Friday, 14 October 2016

#OctoberFrights Day 5: The Horseman




Welcome to Day 5 of the October Frights Blog Hop!




Today I you bring a flash fiction story, a little homage to a sleepy hollow...





The Horseman

The ancient oak tree stood at the top of the hill, all gnarled and bare, its fallen autumn leaves a crumpled shroud over lifeless grass. A few ebony crows roosted in its branches; dark solemn harbingers of death, awaiting the coming of the midnight hours.
Still air breathed an unnatural silence, while the rising moon bathed the sky in a nebulous pale glow. The night dripped an ambience, an expectation that held suspense and terror in its sway. As if it knew. As if it rejoiced.
The Horseman was coming.
A tinge of sulphur slithered from the loam beneath the leafy rot, the breath of Hell released by untrodden footsteps. The limbs of the oak quivered in the breezeless sky, while the crows screeched a raucous caw and twitched their wings in restless flapping. In the distance the drumming rhythmic thud of hoofbeats sounded their harbinger echo. A fog of sepia dust and ash grey unfurled along the hillside cloaking its vista and shrinking the world to misty obscurity.
The Horseman was riding.
A stygian nightmare emerged from the fog, an onyx wraith atop a ghostly sable steed. The creature’s long coat flailed in a cloud of malodorous smoke as it rode, its beast’s hoofprints leaving burning impressions in their wake. Petrified skin pulled taunt over its bones, as bony hands gripped the reins, and crimson eyes glared at the world. A tattered uniform of coal cloth and stained brass buttons, along with scuffed black boots, clothed the spectre, a remnant of a persistent but forgotten past. It ran long dead fingers through thin wisps of ebon hair and drew its mount to a halt beneath the oak tree. High in the branches the crows stayed silent and still.
The Horseman had arrived.
The fog parted, in whirl of choking grime and fetid rot, leaving a clear view of the land beyond. Below the hill, nestled a village in a tranquil hollow, dark and sleeping. The fearsome apparition looked down upon the quaint houses and exhaled, the crackle of fire in its eyes and the whiff brimstone on its breath. It nudged its horse forward and began the canter down the hill. High in the oak tree the crows cawed a futile warning.
And the Horseman laughed.




© A. F. Stewart 2016 All Rights Reserved


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12 comments:

LetaHawk said...

Love the Sleepy Hollow legend, and love this story!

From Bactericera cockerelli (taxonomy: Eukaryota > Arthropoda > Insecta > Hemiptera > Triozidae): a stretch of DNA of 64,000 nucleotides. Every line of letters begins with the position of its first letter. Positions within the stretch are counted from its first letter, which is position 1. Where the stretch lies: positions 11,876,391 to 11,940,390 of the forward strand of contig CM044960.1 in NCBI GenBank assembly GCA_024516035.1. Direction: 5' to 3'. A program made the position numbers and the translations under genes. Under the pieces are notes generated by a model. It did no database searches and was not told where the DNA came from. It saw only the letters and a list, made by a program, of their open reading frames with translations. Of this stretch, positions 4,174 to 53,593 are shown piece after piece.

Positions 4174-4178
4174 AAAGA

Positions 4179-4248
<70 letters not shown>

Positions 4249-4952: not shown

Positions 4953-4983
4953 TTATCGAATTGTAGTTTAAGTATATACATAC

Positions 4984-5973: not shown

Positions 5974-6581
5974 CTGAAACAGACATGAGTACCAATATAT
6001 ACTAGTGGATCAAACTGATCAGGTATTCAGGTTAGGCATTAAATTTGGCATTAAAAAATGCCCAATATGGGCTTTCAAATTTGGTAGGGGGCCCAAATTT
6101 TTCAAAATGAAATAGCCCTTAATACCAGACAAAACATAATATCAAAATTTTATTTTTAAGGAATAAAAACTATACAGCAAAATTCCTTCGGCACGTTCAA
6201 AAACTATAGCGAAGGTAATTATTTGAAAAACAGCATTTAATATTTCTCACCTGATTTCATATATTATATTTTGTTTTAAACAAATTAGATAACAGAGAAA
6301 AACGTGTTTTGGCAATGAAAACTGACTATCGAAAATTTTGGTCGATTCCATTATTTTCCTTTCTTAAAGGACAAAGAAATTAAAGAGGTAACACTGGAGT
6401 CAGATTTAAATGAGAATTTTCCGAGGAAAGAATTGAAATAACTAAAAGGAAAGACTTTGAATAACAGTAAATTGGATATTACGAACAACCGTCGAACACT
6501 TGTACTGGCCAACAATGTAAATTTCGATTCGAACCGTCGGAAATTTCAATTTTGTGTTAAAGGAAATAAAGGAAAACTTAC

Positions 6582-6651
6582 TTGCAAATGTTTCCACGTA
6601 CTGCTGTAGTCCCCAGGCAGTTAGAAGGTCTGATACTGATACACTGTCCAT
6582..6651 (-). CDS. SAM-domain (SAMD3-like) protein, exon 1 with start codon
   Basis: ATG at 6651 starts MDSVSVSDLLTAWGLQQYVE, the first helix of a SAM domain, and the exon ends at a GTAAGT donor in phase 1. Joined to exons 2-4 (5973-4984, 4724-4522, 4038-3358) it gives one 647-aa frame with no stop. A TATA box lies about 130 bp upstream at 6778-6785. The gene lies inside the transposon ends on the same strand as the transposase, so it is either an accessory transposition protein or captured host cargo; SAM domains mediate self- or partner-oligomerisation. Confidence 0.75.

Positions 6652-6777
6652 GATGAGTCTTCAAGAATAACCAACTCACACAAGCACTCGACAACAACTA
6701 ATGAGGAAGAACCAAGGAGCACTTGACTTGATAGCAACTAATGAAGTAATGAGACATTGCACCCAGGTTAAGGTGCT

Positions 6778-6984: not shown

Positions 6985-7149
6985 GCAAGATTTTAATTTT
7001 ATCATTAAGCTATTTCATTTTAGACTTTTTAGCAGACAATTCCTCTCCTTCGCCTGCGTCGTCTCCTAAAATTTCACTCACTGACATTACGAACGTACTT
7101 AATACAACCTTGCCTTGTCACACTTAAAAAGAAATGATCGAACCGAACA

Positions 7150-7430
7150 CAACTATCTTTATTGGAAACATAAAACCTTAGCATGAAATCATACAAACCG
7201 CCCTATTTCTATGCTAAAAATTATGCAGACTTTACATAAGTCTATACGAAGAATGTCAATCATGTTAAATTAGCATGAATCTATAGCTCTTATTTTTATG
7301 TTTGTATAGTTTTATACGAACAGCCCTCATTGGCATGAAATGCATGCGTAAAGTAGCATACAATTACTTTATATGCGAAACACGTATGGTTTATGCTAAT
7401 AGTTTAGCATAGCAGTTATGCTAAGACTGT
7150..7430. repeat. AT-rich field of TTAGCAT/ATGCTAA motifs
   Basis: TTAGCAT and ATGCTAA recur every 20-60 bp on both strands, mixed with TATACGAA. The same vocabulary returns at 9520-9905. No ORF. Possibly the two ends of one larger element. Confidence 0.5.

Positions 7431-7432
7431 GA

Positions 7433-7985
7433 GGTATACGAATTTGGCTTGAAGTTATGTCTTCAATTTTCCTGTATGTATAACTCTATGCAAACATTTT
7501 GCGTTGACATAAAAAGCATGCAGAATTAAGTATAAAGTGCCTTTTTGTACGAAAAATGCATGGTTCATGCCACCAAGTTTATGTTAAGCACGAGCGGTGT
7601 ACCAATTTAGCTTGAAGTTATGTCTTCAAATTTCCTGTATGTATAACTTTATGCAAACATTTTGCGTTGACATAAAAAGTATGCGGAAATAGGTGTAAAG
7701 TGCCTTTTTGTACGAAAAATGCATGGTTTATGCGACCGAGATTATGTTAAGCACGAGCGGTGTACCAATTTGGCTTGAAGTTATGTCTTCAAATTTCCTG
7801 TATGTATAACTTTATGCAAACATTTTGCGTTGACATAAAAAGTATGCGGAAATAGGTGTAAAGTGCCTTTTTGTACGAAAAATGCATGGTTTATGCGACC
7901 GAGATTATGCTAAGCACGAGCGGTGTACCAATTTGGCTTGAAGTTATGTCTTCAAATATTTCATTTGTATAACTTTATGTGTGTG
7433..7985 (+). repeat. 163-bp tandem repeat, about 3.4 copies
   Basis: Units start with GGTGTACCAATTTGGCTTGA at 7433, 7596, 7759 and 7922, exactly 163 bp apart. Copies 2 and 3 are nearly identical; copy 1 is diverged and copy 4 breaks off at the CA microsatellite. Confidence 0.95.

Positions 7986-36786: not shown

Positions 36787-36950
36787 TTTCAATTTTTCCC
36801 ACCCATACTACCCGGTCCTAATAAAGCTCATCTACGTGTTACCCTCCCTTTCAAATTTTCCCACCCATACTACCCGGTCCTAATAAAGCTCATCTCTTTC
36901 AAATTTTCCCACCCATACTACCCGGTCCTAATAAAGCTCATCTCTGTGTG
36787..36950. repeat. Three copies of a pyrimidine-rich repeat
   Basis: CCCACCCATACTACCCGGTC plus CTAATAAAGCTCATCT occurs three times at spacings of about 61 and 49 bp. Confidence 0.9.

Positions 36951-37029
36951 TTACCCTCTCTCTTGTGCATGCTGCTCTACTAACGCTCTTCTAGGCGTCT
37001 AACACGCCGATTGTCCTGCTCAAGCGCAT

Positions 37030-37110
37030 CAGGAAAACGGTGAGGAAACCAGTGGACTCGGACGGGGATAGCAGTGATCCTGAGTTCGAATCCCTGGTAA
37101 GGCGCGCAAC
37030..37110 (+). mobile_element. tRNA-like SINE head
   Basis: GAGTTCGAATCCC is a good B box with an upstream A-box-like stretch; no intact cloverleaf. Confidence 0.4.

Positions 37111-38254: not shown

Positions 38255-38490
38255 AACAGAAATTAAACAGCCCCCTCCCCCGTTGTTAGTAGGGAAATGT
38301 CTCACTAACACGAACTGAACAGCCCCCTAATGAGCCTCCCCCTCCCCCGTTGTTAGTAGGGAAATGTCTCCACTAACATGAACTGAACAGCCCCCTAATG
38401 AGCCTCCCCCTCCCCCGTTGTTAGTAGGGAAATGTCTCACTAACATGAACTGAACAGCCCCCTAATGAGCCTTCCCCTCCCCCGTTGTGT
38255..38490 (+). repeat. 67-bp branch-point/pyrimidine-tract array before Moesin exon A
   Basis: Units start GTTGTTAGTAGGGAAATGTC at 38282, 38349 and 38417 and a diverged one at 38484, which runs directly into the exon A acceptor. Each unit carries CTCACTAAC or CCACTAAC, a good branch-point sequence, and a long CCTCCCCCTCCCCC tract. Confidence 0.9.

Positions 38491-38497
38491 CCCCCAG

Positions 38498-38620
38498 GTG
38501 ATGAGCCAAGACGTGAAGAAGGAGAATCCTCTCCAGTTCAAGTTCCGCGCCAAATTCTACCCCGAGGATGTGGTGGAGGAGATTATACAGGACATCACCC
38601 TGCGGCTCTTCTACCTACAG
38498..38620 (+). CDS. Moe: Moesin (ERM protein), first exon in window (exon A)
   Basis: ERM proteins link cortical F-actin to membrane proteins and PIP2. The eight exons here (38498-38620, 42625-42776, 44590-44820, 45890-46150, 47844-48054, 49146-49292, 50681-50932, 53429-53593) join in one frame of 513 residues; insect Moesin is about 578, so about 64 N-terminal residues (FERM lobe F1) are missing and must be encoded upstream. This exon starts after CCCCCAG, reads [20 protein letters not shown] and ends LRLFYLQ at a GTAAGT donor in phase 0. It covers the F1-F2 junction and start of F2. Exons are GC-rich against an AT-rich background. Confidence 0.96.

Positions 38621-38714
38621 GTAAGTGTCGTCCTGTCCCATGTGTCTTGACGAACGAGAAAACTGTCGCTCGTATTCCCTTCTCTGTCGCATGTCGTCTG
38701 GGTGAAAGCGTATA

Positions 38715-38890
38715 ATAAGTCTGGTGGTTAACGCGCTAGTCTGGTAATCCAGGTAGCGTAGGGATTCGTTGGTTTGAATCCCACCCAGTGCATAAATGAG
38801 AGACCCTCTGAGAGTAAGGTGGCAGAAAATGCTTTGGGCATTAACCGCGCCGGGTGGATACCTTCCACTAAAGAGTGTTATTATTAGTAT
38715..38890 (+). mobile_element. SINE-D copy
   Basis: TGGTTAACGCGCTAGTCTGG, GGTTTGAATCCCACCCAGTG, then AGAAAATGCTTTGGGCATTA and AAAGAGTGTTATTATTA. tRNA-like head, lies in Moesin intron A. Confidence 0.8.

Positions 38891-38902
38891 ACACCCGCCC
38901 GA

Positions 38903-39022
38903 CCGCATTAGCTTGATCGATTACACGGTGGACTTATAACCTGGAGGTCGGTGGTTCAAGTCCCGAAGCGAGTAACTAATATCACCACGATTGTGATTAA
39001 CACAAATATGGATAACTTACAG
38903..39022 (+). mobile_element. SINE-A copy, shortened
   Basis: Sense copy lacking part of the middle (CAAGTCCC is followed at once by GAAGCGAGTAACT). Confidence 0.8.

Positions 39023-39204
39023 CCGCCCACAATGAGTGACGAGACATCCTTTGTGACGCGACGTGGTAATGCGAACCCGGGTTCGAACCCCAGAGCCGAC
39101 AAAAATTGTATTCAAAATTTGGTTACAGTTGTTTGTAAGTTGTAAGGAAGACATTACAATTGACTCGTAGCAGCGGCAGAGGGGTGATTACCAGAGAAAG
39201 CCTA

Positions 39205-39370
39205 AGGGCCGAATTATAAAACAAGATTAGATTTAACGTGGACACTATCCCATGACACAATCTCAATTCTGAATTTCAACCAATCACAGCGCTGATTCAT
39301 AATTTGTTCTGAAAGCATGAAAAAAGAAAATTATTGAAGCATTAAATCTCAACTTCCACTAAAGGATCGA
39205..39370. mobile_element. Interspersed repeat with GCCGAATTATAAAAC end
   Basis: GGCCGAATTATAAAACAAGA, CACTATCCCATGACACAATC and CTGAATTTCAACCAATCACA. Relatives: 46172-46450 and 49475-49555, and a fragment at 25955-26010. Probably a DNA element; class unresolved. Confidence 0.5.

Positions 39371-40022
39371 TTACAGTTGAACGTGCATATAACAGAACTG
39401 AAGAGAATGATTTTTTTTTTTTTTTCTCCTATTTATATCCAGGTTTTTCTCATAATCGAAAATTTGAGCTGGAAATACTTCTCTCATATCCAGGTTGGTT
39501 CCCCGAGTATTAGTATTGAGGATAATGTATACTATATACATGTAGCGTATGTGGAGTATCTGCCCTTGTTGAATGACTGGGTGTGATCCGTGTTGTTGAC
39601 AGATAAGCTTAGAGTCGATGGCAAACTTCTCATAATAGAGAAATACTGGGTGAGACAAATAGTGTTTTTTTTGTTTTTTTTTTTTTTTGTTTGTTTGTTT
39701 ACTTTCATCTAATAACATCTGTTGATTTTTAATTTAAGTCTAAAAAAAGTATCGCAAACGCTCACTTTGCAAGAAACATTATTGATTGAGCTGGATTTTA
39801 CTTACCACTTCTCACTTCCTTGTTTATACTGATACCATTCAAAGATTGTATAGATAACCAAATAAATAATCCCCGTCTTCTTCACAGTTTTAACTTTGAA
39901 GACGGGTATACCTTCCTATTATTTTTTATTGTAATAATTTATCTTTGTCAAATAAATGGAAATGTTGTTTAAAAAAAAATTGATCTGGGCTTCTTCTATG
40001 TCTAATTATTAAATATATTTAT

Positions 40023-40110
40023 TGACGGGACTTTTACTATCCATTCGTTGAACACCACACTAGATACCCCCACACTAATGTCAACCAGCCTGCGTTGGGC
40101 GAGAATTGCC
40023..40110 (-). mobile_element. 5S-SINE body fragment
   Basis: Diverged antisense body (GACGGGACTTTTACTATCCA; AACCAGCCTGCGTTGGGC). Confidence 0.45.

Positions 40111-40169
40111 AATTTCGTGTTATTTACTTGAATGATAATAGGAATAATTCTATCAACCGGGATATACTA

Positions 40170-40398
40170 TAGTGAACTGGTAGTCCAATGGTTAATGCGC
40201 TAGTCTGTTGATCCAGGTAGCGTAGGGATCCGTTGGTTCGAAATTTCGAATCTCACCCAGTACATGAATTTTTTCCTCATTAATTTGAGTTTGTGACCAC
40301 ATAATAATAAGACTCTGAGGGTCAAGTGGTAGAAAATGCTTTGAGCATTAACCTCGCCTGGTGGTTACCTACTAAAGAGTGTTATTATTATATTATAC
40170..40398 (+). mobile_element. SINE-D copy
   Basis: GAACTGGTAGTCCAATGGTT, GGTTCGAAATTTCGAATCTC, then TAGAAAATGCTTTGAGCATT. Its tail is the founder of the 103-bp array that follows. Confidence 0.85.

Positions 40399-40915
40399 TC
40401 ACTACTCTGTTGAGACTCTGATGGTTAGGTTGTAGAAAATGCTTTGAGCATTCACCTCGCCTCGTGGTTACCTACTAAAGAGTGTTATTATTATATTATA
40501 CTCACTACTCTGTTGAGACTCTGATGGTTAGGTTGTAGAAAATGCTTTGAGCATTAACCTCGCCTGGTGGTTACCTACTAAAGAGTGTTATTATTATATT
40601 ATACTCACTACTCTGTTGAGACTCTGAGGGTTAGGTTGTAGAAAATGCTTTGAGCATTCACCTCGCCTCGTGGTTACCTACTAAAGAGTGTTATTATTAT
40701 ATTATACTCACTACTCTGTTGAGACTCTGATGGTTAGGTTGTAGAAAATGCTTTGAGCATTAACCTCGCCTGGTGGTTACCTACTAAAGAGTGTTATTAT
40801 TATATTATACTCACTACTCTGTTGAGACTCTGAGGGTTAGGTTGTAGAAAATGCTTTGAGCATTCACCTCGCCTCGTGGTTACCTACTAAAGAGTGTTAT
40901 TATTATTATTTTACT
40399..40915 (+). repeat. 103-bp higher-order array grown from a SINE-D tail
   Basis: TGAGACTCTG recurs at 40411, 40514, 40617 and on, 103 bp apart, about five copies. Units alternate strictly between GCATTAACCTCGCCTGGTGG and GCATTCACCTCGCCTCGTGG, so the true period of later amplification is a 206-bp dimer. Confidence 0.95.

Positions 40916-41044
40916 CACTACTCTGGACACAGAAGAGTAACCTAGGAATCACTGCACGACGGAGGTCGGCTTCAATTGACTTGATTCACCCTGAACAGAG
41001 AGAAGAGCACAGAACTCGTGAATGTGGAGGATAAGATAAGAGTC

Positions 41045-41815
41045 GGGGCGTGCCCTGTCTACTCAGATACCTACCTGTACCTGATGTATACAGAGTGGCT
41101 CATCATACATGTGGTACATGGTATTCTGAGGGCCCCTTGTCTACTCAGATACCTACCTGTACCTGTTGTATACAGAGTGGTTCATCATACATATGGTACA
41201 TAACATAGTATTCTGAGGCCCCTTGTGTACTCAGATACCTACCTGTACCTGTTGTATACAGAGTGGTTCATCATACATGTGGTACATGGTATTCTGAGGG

Debbie Christiana said...

Loved it!!

A. F. Stewart said...

Thanks, I'm a fan of the Sleepy Hollow tale myself.

A. F. Stewart said...

Thanks, Debbie.

Nicholas Paschall said...

Great spin on an old legend, though I think this is a different spectre than the sleepy hollow version. He has his head, and no mention of sword exists. Maybe he uses more malign powers to hunt victims down (hellfire perhaps?) or merely tramples people in a vicious strategy employed by military riders, as was hinted by his uniform? I think this is a preface to an even greater story that could expand beyond simple sleepy hollow mimicry. Love the fact that the crows were involved in an unheeded warning despite their lack of fear of him. As "harbingers of death", they would have little to fear with this reaper. The fact that he is silent save for laughter may explain the crows presence: they serve as his voice to the world at large when he appears. The imagery was evocative and the story begs to be continued. Nicely done!

A. F. Stewart said...

Thanks, Nicholas. And yes, the story was more of an homage then a strict retelling of the Sleepy Hollow tale, plus I threw a bit of flavour from British legends like the Wild Hunt into the mix.

MJM said...

Great story! I love all your word choices

A. F. Stewart said...

Thank you, I'm glad you enjoyed it.

Scott Scherr said...

Very descriptive and creepy. I could picture this perfectly... and hear that chilling laughter ;)

A. F. Stewart said...

Thanks, Scott.

Wendy Howard said...

Delightfully haunting! I love Sleepy Hallow and love what you did here.

A. F. Stewart said...

Thank you, Wendy.

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